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The 'Tridentine' Mass vs. the Novus Ordo Mass

Latin Mass/Cath.Trad. | Latin Mass Status | Pictorial Comparisons

Traditional Latin ('Tridentine') Mass

The Traditional Latin ('Tridentine') Mass vs. the New (Novus Ordo) Mass

Novus Ordo (New Order) Mass

Notes: Refers to the 'Novus Ordo' Mass (Novus Ordo Missae) from the 1960's, in continued use through the end of the 20th century and into the 21st century (before the new vernacular translation) and to the 'Tridentine' Mass at the time Summorum Pontificum was promulgated. Primary Sources Include: Davies, Amerio. Last Update: 2/17/10

Important Notice: The following is provided for informational purposes only and is not fully comprehensive. Items may vary and information herein may be non-representative, subjective, generalized, exceptions, apparent, infrequent, abuses, etc. Items herein may not be a direct result of a particular rite of Mass. Translation / wording may vary. We may change wording, punctuation, capitalization, shorten items, etc. All applicable items subject to change without notice. We do not guarantee accuracy of any item herein. We make no guarantees regarding any item herein. We are not liable for any occurrence which may result from using this site. By using this site you agree to all terms. For more terms information, click here. 

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"I am convinced that the crisis in the Church that we are experiencing today is to a large extent due to the disintegration of the liturgy" (Cardinal Ratzinger, the future Pope Benedict XVI) 


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As Seen in Latin Mass Magazine (click to view)

(Fall 2017)

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Brief Comparison of the Old & New Rites of Mass

The Desire for the Traditional Mass - a Mere 'Preference'?

Comparisons Between the Traditional Latin ('Tridentine') Mass vs. the New (Novus Ordo) Mass

Parting Thoughts

Some Further Questions to Consider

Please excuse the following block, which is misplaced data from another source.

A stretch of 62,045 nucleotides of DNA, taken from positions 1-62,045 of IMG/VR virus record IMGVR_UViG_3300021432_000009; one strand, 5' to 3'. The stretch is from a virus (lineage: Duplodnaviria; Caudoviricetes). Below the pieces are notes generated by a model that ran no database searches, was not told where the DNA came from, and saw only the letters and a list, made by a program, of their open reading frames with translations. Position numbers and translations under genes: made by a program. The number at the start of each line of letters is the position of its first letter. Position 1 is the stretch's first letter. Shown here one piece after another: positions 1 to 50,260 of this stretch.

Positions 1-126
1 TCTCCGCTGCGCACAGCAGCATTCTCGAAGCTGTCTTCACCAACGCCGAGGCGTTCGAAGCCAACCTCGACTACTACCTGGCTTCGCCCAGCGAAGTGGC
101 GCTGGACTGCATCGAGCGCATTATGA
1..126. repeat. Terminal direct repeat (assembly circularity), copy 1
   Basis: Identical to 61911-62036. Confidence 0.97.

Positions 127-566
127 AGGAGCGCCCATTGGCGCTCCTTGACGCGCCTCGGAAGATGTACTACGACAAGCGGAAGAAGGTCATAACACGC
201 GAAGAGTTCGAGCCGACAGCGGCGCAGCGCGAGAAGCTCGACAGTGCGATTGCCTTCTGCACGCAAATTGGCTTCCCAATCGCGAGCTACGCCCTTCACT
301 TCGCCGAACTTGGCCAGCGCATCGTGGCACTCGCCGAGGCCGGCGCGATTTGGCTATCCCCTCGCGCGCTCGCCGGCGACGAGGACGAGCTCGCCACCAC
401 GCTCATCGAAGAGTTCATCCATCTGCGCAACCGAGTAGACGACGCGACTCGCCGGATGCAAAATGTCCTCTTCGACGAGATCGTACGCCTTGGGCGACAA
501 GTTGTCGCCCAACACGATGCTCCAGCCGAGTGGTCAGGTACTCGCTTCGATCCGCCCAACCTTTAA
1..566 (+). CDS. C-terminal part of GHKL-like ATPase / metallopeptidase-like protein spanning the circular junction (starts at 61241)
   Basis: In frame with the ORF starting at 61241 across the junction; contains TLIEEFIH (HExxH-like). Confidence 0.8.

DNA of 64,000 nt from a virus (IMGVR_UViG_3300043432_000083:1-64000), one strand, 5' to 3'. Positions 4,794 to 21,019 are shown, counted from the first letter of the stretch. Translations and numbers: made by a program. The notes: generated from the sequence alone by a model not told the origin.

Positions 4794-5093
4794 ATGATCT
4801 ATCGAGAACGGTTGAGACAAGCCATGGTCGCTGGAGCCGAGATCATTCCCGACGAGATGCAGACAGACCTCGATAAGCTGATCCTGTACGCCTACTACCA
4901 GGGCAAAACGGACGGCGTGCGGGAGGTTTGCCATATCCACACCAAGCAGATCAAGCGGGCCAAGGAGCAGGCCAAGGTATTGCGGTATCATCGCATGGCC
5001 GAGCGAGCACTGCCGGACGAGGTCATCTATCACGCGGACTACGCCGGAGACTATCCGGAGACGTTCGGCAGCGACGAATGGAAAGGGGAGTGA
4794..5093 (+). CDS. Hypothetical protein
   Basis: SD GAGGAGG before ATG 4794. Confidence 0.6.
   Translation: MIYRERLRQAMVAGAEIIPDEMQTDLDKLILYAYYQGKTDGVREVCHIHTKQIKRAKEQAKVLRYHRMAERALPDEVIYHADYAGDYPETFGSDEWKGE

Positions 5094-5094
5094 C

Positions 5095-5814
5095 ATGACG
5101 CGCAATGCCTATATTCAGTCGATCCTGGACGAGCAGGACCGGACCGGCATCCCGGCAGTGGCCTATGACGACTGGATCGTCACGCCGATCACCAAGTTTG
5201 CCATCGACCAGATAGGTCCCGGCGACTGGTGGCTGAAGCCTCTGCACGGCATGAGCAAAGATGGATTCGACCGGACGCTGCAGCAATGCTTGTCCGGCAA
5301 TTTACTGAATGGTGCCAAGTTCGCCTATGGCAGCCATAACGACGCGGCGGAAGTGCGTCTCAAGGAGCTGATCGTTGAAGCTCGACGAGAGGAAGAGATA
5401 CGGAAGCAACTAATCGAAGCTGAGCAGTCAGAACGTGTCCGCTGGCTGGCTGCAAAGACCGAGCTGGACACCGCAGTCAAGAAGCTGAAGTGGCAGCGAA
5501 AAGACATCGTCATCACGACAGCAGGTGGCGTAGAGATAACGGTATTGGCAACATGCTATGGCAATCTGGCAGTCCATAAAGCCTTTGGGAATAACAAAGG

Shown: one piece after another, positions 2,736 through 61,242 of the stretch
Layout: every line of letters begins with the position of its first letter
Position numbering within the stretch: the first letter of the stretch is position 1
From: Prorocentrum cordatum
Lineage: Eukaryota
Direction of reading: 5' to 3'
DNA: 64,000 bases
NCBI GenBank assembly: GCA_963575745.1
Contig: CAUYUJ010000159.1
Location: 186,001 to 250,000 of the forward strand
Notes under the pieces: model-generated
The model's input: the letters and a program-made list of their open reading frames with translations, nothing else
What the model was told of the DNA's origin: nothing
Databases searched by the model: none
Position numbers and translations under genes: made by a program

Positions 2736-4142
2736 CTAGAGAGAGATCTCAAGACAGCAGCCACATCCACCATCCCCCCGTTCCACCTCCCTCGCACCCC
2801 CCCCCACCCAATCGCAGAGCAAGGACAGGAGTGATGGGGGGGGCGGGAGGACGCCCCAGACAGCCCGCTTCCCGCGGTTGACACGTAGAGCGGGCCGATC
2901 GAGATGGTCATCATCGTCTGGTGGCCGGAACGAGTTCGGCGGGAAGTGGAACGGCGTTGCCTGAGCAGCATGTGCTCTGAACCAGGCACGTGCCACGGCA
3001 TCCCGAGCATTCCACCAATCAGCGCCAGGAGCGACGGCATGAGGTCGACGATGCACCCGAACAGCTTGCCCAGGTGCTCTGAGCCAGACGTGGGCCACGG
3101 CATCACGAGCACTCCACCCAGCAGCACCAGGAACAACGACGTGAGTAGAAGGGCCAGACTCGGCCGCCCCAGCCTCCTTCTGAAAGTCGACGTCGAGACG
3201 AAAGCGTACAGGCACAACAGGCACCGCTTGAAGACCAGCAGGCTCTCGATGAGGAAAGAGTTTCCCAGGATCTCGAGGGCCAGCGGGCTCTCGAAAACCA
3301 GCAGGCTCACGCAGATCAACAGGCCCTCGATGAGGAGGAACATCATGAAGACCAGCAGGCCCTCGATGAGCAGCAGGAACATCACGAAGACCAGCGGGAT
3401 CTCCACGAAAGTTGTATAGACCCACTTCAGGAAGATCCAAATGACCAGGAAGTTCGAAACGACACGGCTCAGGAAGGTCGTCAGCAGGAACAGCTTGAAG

In Closing...

Also See...

Brief Comparison of the Old & New Rites of Mass

You may find these and other differences between the Traditional Latin ('Tridentine') Mass and the New (Novus Ordo) Mass of the 1960's (most commonly said at Catholic parishes at the end of the 20th century):

  • The 'Tridentine' Mass has a more vertical focus - a focus more on God than on fellow parishioners

  • The 'Tridentine' Mass is clearly a sacrifice (as opposed to a meal, as many 'moderns' want the faithful to view the Mass)

  • The 'Tridentine' Mass emphasizes self-denial, awareness of sin

  • In the 'Tridentine' Mass, the priest typically faces eastward, symbolically towards Christ (not towards the parishioners)

  • In the 'Tridentine' Mass, there is increased reverence at the altar and extreme reverence for the Holy Eucharist

  • In the 'Tridentine' Mass, there are ample references to atoning for sin, hell, judgment, and the intercession of saints

  • In the 'Tridentine' Mass, a fixed liturgy - containing the traditional prayers - is used throughout the Church, which is not subject to personal preference or manipulation

  • In the 'Tridentine' Mass, there are reverent silent periods where the priest leads prayers on our behalf

  • In the 'Tridentine' Mass, there is more genuflecting and kneeling

  • The 'Tridentine' Mass uses a different, fuller calendar

  • In the 'Tridentine' Mass, there are fewer rote responses by the parishioners

  • In the 'Tridentine' Mass, the unchanged, traditional prayers of consecration are used

  • In the 'Tridentine' Mass, Holy Communion is given only by priests - to kneeling communicants on the tongue (excepting, of course, those physically unable to kneel)

  • In the 'Tridentine' Mass, there are no 'altar girls', no lay readers (typically), and no 'Eucharistic ministers'

  • In the 'Tridentine' Mass, there is a longer silent period after Communion for prayer & thanksgiving

  • In the 'Tridentine' Mass, pipe organs and Gregorian chant are employed rather than guitars and drums

  • In the 'Tridentine' Mass, the priest is not sitting off to the side while laity 'take charge'

  • In the 'Tridentine' Mass, there is no hand-holding or "kiss of peace" among the laity

  • In the 'Tridentine' Mass, the stable rubrics help assure that liturgical abuses do not occur

  • And, of course, the Latin language is used for the majority of the 'Tridentine' Mass (you may follow along with a Latin/English missal)

Latin Mass attendees state that the above contribute to a more holy and reverent atmosphere with fewer distractions.

Note: For a more extensive comparison between the old and new rites of Mass, see below. For some pictorial comparisons, click here.

The Desire for the Traditional Mass - a Mere 'Preference'?

Oftentimes the desire for the traditional Latin ('Tridentine') Mass is seen as a mere preference or attachment. Some may believe it has something to do with being resistant to change or about one's personal likes. Many think the two Masses are the same, except for the language. Sadly, those who think such things are very misinformed. The truth is that the two Masses are significantly different, even if said in the same language, and that many (most?) of those who desire to attend this Mass do so not because of a mere preference, or resistance to change, or nostalgia, but because they are cognizant of the superiority of the old Mass. They do not base their conclusions on preferences or feelings, but on objective truths.